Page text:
The top Democrat on the House Foreign Affairs Committee said Wednesday that new findings by the U.N. nuclear watchdog agency show the need for Washington to significantly broaden U.S. sanctions on Iran in order to prevent the Islamic republic from developing a nuclear weapon.
The latest report by the International Atomic Energy Agency “makes clear that Iran continues to rapidly expand its nuclear weapons program, and underscores the urgency of Congress passing new Iran sanctions legislation into law,” Rep. Eliot L. Engel, New York Democrat, said in a statement.
Iran has installed roughly 1,000 advanced uranium centrifuges and is now set to test them — new numbers that signal an uptick in IR-2m centrifuges at Iran’s underground Natanz nuclear complex compared with the IAEA’s last quarterly assessment.
In May, the agency said that roughly 700 enrichment devices had been installed, compared with 180 in February.
Iran has publicly denied that it is attempting to develop a nuclear weapon. Its leaders have been claiming in recent years that the Islamic republic’s nuclear program is focused toward medical programs that depend on enriched uranium.
“The agency has not been able to begin substantive work with Iran on resolving the outstanding issues, including those related to possible military dimensions to Iran’s nuclear programme,” the report said.
The findings are the first to be made public since Iranian President Hassan Rouhani took office in Tehran early this month. Some observers have described him as more moderate than Iran’s previous president, Mahmoud Ahmadinejad, and have suggested the Islamic Republic could be on the verge of moving toward positive negotiations with Western powers in the decades-old dispute over its nuclear program.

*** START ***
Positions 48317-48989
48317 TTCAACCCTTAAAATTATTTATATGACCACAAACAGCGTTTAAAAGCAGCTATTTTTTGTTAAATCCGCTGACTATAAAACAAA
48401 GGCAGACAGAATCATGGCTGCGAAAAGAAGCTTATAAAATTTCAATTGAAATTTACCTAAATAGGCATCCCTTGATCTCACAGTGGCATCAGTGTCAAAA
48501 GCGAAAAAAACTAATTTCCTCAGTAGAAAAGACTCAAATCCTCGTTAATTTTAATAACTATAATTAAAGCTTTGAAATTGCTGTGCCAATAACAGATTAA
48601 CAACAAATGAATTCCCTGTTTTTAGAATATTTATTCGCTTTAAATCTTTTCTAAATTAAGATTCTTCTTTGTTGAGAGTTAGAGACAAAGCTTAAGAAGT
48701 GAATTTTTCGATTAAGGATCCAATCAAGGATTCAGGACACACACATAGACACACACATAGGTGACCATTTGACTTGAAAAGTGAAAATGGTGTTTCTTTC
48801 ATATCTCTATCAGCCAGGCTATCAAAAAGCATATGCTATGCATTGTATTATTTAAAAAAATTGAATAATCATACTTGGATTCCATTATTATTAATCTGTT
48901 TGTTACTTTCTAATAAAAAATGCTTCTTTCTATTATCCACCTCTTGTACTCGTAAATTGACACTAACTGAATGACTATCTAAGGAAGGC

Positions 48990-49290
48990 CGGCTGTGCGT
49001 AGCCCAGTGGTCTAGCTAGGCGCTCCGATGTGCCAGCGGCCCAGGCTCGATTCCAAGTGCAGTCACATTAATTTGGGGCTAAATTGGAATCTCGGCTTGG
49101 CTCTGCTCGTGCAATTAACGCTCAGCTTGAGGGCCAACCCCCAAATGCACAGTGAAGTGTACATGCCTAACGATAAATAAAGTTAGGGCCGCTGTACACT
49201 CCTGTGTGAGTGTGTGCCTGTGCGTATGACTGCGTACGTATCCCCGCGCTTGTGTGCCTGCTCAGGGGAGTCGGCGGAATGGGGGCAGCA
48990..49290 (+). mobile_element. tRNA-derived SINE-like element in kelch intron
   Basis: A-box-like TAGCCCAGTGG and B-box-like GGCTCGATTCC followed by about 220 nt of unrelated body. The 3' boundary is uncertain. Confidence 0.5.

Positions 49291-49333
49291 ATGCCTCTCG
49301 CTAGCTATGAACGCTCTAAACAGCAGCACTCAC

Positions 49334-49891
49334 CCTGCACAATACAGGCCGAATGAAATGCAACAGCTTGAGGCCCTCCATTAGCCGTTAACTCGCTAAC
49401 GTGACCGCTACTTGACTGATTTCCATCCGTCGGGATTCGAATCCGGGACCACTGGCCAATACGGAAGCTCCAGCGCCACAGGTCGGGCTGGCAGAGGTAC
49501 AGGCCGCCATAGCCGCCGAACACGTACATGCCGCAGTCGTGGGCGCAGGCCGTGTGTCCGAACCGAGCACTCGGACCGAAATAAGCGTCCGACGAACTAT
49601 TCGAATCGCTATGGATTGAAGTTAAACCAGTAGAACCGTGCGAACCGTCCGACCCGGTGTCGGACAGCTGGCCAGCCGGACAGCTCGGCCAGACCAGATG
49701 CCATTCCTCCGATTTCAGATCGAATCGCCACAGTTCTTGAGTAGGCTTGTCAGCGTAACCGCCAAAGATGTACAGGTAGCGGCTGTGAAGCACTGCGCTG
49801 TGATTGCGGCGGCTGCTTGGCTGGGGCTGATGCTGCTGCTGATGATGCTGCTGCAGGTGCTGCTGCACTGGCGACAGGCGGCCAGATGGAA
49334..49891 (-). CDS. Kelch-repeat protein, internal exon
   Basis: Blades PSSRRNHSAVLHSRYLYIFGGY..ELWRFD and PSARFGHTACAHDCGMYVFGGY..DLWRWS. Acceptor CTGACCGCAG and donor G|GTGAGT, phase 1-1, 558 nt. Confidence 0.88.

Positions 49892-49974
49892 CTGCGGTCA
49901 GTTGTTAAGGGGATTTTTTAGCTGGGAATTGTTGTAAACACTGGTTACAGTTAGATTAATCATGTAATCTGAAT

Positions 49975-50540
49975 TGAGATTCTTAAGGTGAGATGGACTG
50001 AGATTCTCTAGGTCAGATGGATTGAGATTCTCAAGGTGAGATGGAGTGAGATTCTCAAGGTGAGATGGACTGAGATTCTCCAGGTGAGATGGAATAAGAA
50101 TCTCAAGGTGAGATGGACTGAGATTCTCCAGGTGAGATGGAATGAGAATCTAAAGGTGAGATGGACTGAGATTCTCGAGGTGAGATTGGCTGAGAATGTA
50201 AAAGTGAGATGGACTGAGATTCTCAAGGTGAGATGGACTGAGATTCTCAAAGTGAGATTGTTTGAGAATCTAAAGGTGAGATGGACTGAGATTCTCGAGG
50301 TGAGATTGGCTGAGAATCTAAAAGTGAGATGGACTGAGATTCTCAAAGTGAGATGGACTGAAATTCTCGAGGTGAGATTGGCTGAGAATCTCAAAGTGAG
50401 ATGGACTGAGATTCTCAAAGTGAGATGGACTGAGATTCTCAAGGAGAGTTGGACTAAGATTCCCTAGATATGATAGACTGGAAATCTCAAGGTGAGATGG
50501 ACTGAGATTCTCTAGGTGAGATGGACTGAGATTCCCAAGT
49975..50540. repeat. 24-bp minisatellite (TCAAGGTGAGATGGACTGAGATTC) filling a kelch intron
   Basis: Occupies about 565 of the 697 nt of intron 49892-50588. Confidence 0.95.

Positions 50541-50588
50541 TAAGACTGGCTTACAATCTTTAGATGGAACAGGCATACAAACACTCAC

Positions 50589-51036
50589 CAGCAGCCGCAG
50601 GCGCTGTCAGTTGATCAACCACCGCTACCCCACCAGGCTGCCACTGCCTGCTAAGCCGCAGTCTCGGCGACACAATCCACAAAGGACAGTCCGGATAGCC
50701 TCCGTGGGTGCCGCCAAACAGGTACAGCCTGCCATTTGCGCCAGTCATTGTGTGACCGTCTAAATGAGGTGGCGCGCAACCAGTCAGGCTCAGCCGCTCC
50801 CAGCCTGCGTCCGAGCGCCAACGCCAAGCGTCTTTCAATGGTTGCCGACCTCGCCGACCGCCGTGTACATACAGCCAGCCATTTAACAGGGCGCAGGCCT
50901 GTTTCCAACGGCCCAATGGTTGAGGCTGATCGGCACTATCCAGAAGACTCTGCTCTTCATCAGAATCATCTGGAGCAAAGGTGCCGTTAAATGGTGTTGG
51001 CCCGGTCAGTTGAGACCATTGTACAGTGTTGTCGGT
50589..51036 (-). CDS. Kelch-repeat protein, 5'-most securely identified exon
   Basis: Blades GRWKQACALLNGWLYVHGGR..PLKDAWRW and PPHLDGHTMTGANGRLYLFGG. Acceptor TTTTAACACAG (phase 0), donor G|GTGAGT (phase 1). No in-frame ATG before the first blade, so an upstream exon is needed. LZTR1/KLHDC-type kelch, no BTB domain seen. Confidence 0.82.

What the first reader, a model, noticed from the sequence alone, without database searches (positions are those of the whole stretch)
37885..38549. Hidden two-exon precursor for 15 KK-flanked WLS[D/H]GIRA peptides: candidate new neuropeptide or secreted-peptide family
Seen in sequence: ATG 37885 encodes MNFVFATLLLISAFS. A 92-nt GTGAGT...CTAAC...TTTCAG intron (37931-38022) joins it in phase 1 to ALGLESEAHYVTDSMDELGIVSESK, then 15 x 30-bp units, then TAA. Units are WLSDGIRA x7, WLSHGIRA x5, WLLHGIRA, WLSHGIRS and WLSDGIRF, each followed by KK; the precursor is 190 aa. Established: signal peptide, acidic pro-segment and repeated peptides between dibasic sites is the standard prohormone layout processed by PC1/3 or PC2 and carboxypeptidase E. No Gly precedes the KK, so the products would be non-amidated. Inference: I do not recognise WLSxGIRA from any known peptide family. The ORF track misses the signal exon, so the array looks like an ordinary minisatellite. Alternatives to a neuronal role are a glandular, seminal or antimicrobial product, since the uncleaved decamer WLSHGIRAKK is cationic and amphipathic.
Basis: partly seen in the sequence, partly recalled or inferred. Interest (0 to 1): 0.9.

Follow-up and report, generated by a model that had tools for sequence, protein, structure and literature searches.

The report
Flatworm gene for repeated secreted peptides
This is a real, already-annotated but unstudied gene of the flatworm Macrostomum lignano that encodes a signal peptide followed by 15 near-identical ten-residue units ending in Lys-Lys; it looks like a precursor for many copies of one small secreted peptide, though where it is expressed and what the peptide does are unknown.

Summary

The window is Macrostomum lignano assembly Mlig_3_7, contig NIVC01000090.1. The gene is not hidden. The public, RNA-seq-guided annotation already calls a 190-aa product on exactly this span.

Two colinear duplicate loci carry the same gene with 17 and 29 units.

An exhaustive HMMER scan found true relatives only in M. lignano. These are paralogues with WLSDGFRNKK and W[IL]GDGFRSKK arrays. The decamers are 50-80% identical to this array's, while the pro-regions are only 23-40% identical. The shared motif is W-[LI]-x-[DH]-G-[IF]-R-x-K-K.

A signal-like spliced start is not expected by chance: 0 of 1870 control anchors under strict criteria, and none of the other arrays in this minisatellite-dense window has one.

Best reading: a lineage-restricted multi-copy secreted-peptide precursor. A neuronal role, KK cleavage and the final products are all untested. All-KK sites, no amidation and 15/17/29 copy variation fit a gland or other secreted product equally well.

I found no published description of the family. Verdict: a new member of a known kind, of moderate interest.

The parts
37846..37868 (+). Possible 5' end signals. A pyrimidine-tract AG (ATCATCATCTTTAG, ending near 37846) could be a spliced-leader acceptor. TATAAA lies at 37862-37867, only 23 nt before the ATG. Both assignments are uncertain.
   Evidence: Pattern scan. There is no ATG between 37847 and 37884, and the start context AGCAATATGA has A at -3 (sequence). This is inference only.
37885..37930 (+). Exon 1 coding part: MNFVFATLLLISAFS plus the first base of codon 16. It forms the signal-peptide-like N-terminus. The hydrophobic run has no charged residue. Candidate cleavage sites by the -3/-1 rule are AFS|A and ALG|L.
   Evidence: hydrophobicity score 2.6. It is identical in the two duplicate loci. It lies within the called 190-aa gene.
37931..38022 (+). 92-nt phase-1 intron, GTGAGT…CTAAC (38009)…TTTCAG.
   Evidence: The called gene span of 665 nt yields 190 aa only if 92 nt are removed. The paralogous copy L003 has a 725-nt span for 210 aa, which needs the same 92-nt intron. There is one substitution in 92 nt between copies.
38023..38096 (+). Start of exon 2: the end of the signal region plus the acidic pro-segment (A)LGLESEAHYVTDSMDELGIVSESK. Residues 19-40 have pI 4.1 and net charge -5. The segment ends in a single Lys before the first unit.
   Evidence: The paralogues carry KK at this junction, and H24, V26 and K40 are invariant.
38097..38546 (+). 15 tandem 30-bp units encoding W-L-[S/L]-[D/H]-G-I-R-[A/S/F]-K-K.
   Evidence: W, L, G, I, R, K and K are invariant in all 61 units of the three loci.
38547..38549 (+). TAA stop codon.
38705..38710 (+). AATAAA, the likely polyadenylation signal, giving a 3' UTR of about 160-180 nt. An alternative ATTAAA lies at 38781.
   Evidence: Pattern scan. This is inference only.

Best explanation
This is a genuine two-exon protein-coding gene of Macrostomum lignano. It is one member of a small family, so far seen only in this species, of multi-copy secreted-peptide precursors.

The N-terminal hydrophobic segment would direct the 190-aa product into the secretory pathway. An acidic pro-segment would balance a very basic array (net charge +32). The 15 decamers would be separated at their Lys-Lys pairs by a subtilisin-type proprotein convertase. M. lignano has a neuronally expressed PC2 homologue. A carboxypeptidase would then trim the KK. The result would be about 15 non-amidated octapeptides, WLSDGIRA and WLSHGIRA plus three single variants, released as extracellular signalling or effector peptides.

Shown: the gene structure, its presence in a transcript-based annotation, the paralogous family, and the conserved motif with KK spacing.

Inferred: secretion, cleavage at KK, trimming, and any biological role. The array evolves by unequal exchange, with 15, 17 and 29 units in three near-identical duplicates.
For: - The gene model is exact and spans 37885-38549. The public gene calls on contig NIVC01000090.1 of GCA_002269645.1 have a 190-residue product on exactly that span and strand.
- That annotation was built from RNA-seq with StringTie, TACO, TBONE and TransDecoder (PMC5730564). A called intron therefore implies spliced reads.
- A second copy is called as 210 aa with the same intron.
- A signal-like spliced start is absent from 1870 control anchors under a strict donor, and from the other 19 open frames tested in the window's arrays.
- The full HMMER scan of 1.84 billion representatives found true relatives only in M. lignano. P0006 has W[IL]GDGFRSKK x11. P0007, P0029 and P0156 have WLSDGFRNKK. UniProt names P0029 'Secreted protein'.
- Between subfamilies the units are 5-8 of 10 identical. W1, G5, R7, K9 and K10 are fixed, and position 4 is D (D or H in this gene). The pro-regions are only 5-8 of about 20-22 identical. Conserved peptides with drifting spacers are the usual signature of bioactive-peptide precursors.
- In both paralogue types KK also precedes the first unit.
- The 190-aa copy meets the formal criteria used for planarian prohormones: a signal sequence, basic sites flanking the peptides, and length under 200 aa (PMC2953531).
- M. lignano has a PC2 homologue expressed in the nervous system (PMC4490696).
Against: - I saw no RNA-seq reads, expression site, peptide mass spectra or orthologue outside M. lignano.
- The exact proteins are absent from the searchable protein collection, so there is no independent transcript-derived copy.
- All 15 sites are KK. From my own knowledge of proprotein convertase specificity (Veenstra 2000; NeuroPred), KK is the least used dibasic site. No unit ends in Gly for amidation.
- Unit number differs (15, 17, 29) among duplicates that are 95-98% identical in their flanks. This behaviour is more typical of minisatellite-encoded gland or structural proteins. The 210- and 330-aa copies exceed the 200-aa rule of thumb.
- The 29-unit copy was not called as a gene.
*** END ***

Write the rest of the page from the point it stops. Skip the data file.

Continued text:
There was a glimmer of good news for the U.S. and its allies in the report: The IAEA says Iran apparently has delayed the planned opening of a separate nuclear facility roughly 150 southwest of Tehran.
The IAEA’s May assessment cited construction at the facility, but the latest findings indicate that the facility’s early 2014 opening has been delayed, according to Reuters.
U.S. lawmakers, meanwhile, have moved more slowly than expected this summer in passing what initially had been a spirited push for sanctions targeting Iran’s economy — and also its political leaders.
In July, the House passed a bill that would grow the number of individuals and entities that the Obama administration can sanction — well above those presently targeted in the administration’s existing push to impose a global embargo on Iranian crude oil.
The Senate, however, has not passed the legislation.
Some observers have raised concerns about the legislation’s call to aggressively expand the numbers and kinds of human rights abuses that Iranian political figures could be cited for, since such abuses would allow Washington to freeze the assets not only of active officials, but also of all of their relatives — including any who may be living in the U.S.
The legislation would require the Obama administration to report more regularly to Congress on the status of Iran’s nuclear program. In general, it would “limit Iran’s access to overseas foreign currency reserves, blacklist more sectors of the economy, and begin to target significant commercial trade with Iran,” Rep. Edward R. Royce, California Republican and chairman of the Foreign Affairs Committee, said as lawmakers on the House side weighed the legislation in May.